So, the journalists produced independent questions, yet Michael Mann produced a precisely the same answers. Well, I say precisely, actually a mistake has been corrected for the Britannica piece "...seem, that that the climate-change..." became "...seem, that the climate change..." so either the Britannica has better editing, or that detailed answer improved in the reciting.

And just when you think that this might be a one off, you notice that this piece of text exists in both pieces.
Britannica:
"Mann: While the attacks against climate science may have energized climate change deniers, and those who derive their information from talk radio..."

Bulletin of Atomic Scientists:
"MANN: While the attacks against climate science may have energized climate-change deniers, and those who derive their information from talk radio..."

Anyone would think that Michael Mann had some kind of prepared position that he was desperately feeding into any available outlet. Why not simply prove the case scientifically? The science is so strong, right?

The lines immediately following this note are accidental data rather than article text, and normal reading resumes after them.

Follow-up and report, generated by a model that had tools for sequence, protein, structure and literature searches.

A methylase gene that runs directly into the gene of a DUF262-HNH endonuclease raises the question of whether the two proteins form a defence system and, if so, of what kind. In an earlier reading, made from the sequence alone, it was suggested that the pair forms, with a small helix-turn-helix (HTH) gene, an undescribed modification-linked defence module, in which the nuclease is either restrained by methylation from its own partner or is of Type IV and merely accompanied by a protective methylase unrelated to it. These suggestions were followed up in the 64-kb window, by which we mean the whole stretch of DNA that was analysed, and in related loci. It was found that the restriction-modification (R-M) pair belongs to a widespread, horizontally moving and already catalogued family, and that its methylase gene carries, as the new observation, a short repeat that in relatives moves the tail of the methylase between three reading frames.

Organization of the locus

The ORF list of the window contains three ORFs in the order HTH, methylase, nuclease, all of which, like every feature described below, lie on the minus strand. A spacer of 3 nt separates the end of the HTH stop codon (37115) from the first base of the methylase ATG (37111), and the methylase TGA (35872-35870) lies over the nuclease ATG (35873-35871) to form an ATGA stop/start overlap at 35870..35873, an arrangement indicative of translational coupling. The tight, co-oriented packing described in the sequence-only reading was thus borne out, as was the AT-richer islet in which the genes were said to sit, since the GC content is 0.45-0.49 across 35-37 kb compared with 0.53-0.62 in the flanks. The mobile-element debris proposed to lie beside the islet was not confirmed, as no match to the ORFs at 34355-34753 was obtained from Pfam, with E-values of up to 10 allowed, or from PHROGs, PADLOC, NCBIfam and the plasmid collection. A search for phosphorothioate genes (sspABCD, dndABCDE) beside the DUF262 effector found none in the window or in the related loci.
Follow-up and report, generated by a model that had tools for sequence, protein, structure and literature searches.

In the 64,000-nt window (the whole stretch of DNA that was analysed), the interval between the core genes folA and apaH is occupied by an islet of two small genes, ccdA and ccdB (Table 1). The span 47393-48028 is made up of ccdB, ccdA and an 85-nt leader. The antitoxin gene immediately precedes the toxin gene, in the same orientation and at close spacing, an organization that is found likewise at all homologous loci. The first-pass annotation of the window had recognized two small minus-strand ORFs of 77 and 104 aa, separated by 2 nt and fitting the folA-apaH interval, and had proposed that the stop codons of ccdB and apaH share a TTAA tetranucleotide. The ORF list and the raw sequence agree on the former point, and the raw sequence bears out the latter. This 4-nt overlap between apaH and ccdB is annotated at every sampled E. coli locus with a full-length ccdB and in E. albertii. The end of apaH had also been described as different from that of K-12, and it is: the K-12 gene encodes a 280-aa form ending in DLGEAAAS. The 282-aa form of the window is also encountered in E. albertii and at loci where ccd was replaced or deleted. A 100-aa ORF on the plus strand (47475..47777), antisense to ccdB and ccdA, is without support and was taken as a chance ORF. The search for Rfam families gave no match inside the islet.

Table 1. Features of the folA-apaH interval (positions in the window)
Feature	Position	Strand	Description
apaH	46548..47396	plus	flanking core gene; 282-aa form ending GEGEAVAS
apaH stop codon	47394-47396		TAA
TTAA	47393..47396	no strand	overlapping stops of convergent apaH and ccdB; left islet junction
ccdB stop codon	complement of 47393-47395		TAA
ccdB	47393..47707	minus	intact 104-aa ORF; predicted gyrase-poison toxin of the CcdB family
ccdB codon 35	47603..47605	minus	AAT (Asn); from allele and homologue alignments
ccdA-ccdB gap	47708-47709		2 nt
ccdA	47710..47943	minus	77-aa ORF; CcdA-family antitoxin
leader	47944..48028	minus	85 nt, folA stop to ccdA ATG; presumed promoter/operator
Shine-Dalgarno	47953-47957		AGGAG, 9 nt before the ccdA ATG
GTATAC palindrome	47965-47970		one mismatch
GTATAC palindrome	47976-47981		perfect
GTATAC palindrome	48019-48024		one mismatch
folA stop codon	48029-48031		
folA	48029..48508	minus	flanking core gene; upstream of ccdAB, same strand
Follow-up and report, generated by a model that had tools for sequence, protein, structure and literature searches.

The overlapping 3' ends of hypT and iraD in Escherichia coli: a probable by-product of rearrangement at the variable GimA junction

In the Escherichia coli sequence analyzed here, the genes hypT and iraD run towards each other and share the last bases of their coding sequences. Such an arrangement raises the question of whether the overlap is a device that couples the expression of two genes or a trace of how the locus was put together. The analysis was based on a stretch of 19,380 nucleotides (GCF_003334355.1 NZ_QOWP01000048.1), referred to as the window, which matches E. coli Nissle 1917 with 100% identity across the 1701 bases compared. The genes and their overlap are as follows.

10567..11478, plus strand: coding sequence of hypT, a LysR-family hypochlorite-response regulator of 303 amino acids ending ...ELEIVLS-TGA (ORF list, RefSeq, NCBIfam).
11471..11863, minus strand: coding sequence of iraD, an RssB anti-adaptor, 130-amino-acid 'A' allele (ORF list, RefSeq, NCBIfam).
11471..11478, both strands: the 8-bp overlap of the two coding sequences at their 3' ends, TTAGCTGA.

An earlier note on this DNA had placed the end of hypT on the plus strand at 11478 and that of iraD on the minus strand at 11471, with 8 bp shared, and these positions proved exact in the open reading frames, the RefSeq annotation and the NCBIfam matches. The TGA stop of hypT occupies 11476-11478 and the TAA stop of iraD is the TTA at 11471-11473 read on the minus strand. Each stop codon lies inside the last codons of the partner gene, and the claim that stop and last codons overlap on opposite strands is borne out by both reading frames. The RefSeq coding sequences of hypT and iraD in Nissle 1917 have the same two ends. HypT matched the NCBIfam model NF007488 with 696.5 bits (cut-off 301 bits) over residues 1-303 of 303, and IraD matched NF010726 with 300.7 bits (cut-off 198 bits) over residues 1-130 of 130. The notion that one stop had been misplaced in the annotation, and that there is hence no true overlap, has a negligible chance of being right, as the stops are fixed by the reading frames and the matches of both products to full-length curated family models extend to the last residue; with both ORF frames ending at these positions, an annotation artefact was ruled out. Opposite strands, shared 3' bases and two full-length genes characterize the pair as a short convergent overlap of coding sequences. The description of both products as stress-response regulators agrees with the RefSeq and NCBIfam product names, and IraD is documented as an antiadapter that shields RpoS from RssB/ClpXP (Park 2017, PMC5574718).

Thursday, November 4, 2010

Easterling: Falsification of a Hypothesis of Limited Applicability in the Study of Climate Change

In my ongoing effort to understand climatology, and its limited adherence to scientific conventions, I came across the following passage from the Penn State investigation and exoneration of Michael E. Mann.

"In a follow-up question, Dr. Easterling was asked whether he saw any difference between certain kinds of experimental scientific fields and observational ones like paleoclimatology. He responded by stating that much of what we know about climate change is the result of a combination of observation and numerical modeling, making the classic idea of falsification of a hypothesis, which may be applicable to a laboratory science, of limited applicability in the study of climate change."

(From: http://live.psu.edu/fullimg/userpics/10026/Final_Investigation_Report.pdf)

Well, that's good to know. Paleoclimatology is beyond hypothesis falsification!

That probably accounts for the other issues which are beyond scientific norms: e.g. basic statistical correctness, cherry picking, extreme article recycling (aka plagiarism), etc.